Algebra Facts
Common Types of Mistakes: Problems with Exponents 
The rules of exponents are often used incorrectly. Here are some examples. Example 1: (Multiplication) Mistake:
Click to see the mistake in red. Click to remove the red highlighting. Multiply two (or more) factors that have the same base by adding (not multiplying) the exponents. Click to see the correct version. Click to remove the correction.
Click to see an explanation. Click to hide the explanation.
The explanation shows why the rule says to add the exponents, at least for positive integer powers. The rule applies to all powers, including negative and fractional powers. Test your understanding by simplifying the following expression and then check your answer:
Click to check your answer. Click to remove the answer. Example 2: (Division) Mistake:
Click to see the mistake in red. Click to remove the red highlighting. Divide factors that are the same base by subtracting (not dividing) the exponents. Click to see the correct version. Click to remove the correction.
Click to see an explanation. Click to hide the explanation.
The explanation shows why the rule says to subtract the exponents, at least for positive integer powers. The rule applies to all powers, including negative and fractional powers. Test your understanding by simplifying the following expression and then check your answer:
Click to check your answer. Click to remove the answer. Example 3: (Exponent) Mistake:
Click to see the mistake in red. Click to remove the red highlighting. Raise an exponent expression to another exponent by multiplying the exponents. Click to see the correct version. Click to remove the correction.
Click to see an explanation. Click to hide the explanation.
The explanation shows why the rule says to multiply the exponents, at least for positive integer powers. The rule applies to all powers, including negative and fractional powers. Test your understanding by simplifying the following expression and then check your answer:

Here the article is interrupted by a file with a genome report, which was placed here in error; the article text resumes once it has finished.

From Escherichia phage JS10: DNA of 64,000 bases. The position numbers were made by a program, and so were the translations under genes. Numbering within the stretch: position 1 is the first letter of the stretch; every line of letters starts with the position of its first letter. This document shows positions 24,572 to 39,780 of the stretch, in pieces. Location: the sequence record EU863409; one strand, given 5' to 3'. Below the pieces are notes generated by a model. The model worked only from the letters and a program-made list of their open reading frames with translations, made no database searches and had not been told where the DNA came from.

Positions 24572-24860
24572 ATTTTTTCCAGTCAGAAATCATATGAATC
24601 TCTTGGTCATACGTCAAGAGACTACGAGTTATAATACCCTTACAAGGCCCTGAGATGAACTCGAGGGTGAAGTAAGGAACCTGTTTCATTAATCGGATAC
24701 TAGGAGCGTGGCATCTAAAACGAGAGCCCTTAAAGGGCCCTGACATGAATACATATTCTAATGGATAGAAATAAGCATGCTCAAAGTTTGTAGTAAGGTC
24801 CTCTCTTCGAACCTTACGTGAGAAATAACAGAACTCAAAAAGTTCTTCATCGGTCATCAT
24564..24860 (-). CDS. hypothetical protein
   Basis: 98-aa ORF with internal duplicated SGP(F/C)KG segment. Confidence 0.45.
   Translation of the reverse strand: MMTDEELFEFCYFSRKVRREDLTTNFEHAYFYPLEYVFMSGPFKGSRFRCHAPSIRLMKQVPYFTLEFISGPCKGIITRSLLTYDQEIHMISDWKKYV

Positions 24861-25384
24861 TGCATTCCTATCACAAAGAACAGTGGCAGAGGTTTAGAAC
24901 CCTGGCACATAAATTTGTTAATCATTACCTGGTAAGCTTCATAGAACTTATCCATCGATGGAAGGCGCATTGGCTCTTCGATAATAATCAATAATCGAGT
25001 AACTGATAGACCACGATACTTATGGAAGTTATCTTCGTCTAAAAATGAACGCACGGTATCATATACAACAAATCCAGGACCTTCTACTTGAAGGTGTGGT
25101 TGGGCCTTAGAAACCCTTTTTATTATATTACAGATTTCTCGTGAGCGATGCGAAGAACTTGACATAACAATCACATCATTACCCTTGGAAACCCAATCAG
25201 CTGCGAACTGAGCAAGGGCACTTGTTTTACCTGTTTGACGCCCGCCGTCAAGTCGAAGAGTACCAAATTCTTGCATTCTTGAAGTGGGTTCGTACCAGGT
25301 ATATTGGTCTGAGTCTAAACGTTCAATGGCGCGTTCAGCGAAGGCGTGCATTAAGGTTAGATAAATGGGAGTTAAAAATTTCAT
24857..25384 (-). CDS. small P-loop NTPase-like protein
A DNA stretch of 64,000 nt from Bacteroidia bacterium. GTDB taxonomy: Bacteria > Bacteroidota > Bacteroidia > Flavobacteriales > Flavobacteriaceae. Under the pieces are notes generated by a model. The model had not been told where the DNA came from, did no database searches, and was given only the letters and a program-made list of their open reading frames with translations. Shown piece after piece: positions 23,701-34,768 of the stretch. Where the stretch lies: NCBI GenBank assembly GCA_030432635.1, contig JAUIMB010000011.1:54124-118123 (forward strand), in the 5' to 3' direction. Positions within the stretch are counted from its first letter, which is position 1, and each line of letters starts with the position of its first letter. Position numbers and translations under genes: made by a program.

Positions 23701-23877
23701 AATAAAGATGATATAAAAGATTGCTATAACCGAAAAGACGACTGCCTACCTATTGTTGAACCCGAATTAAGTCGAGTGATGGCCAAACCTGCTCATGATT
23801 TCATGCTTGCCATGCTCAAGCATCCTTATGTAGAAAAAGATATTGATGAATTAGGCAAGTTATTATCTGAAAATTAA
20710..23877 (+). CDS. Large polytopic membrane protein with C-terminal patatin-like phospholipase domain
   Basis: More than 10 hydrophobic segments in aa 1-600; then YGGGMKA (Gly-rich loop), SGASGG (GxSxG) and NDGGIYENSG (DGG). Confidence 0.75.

Click to check your answer. Click to remove the answer. Example 4: (Negative Exponent) Mistake:
Click to see the mistake in red. Click to remove the red highlighting. A negative exponent denotes a reciprocal expression. Click to see the correct version. Click to remove the correction.
Click to see an explanation. Click to hide the explanation.
The explanation, which uses the rule mentioned in Example 2 for dividing exponent expressions with a common base and the fact that x^{0} = 1, shows why a negative exponent denotes a reciprocal. The reciprocal meaning applies to all negative exponents, including negative fractions. Example 5: (Fractional Exponent) Mistake:
Click to see the mistake in red. Click to remove the red highlighting. A negative exponent denotes a reciprocal expression. Click to see the correct version. Click to remove the correction.
Click to see an explanation. Click to hide the explanation.
The explanation shows why a fractional exponent denotes a radical. Raising the expression with a fraction as the exponent to the power equal to the denominator of the exponent is accomplished by multiplying the exponents, thus eliminating the fractional exponent. Example 6: (Precedence of Exponents) Mistake:
Click to see the mistake in red. Click to remove the red highlighting. Taking a power has a higher precedence than multiplication, so the power 1 only applies to x, not to all of 3x. Click to see the correct version. Click to remove the correction.
If you intend that all of 3x is raised to the power 1, then use parentheses: (3x)^{1}. Eliminate mistakes with exponents by learning and using the rules of exponents correctly. 
Common Types of Mistakes 
Algebra Facts 
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